Individual bottles of soda. We don't drink enough soda any more to justify buying the big bottles -- or the cans! I open one of the individual bottles, and I'll drink out of it for two or three days. The last six pack I bought (Diet Pepsi, 16 oz bottles) has lasted for three weeks, and there is still one bottle in the fridge.

Individual cups of yogurt. Or worse, Gogurt. Again, no one will eat the yogurt if it's in the big container. That includes me though. I like the blueberry yogurt, and it's just not as good coming from the large container.

Mix and bake packages of peanut butter cookies and chocolate chip cookies. Sometimes Sass just gets the urge to make cookies, and I hate to disappoint her. I really prefer making cookies completely from scratch, but that takes longer, and she (of course) doesn't always choose the most convenient time for cookie-making. With the packages, I can just add oil and an egg and we're ready to go. I haven't moved to the frozen cookie dough, so I suppose that's something.

Swiffer dust cloths. These things are the best for getting up the dog hair that is always on the floor. I'm told that microfiber cloths can be used in the same manner, but I just keep thinking that I'd simply be sending the dog hair through the wash. I'd rather just send it packing.

I'm sure that there are some things that I've missed, but these were all on that particular grocery list. And these probably aren't a big deal to most people, but I feel rather hypocritical in buying them. I was, after all, a breastfeeding, cloth diapering, moderately crunchy one when my children were younger. As they've gotten older I'm turning from my old crunchy ways. Now I feel like I'm more mushy than crunchy. Perhaps as the children get older, the pendulum will swing back in the crunchy direction once more.

Monday, January 15, 2007


I am more and more grateful for my friends every single day. I make friends pretty easily, but only the superficial sort. Julie laughs at me because I can (and will) start conversations with anyone, just about anywhere. But that's all they are really, just superficial conversations.

My true friends, the ones that I really share with, are much fewer, and they're very precious. I tend to guard those friendships quite jealously. But in the past year Carla and Brenda have taught me how to have more openness between friends, and I'm thankful for that.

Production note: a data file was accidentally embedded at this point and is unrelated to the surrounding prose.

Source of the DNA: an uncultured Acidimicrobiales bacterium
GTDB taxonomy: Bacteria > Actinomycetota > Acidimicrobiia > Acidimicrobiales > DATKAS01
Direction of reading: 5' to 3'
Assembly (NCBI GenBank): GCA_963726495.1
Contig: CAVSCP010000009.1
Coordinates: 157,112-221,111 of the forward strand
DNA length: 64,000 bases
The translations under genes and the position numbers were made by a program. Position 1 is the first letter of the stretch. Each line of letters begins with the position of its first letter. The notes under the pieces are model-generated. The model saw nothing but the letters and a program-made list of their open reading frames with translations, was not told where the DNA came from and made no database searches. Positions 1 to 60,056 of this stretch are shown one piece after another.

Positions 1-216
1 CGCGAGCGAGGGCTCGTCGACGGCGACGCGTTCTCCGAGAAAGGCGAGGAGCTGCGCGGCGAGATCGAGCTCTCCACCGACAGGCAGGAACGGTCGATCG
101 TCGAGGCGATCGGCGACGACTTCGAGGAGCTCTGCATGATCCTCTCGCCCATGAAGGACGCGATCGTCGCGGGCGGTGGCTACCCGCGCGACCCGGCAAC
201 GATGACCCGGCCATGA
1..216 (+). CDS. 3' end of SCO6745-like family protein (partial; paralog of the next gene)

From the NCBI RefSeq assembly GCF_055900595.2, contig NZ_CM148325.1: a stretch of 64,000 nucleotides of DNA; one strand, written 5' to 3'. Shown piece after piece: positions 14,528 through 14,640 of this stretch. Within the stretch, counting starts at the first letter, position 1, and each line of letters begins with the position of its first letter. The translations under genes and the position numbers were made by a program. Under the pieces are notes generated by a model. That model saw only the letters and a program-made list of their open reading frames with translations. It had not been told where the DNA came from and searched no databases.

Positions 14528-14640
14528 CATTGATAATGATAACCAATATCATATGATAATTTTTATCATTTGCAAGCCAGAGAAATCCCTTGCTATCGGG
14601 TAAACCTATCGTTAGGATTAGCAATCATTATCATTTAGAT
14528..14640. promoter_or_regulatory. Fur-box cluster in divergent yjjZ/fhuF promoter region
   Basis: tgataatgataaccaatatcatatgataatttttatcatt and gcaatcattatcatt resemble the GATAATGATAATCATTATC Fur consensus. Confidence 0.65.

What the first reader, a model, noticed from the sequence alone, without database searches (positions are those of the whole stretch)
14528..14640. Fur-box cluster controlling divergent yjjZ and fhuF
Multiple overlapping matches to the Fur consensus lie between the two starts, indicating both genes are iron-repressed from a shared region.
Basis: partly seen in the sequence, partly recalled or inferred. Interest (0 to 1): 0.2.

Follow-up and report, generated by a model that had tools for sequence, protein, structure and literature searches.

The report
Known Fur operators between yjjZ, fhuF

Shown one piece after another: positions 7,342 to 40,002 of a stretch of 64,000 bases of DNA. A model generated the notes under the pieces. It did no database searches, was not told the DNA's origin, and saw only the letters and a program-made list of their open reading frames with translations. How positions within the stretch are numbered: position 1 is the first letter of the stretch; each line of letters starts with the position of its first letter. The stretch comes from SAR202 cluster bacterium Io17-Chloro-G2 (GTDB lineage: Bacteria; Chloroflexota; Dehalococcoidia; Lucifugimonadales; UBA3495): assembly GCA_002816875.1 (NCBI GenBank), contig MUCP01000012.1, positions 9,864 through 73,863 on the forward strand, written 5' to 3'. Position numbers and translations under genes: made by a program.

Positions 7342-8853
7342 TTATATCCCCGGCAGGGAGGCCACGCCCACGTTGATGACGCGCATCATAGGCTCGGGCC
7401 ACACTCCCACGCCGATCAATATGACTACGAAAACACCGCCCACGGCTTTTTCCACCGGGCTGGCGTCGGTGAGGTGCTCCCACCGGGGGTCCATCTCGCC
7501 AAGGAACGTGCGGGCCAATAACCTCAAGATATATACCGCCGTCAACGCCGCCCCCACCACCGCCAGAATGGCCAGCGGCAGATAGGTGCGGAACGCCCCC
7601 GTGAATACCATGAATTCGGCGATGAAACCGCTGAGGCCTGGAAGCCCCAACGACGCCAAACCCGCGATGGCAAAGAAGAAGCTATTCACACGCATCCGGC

I can count my true friends on one hand, excepting Skeeter, since he's in a class by himself.

Brenda makes me laugh more than just about anyone. Sometimes she can make the most simple thing seem roaringly funny. She's so down-to-earth, and I love that about her.

Carla is probably the sweetest person I know. That sounds so banal, but it's true. She's so genuinely caring, and I love spending time with her because I always feel that her gentle nature rubs off on me just a bit.

Julie is the one that I always call "the sister of my heart." On the surface, we're a study in opposites, but I'm always slightly surprised to find that at heart we're quite similar. I look up to her as well, since she so Together and Unruffled. That's so not me, but I wish it was.

Michael is my second-oldest friend. We've been friends since we were 11 or 12, and we've been "best friends" since we were about 15. Michael and I call each other brother and sister, and that's really how it feels -- as if we've known each other forever and we belong. Our lives don't mesh at all -- I'm married with little ones, and he's living the bachelor life -- but it doesn't really matter.

Michael Ann is my oldest friend. We grew up in church together, and we've been friends since we were about 6. We have so much history together that we can go without really, truly talking for months and then pick up where we are with no effort at all.

So that's it. My one hand of true friends. I did the list as alphabetical since that seemed most logical, but I'm slightly amused to discover that the alphabetical list is also in order from newest to oldest in my life.

Sunday, January 14, 2007

The art of napping

I was able to take a nap today! Yes, really! Skeeter and the urchins were in the computer room playing games and studying verses for church tonight, so I took advantage of having another adult be in charge for a while. :o)

Once I was settled into my napping position and I was able to think without hearing, "Mama!" every few moments, I had a small epiphany.

I have rules for napping.

I've already mentioned how particular I am about my bed, but I never realized that I had developed rules for napping too. (Quite possibly since I don't get to nap very often!) Here are The Napping Rules, in no particular order:
  • The bed must be made.
  • I must use Skeeter's pillow.
  • I must nap crossways on the bed, not in the usual "sleeping" position.
  • I must nap on my right side.
  • I use my cross throw as a cover, covering from my waist to my neck.
  • As mentioned before I don't take off my shoes during the day (even including napping) since my feet are kind of dangling off the side of the bed.
  • I always wake up groggy, and I have to have about 15 minutes to acclimate myself to the waking world.
So there you have it, The Napping Rules as I remember them at the moment. :o)

Friday, January 12, 2007

Friday Fact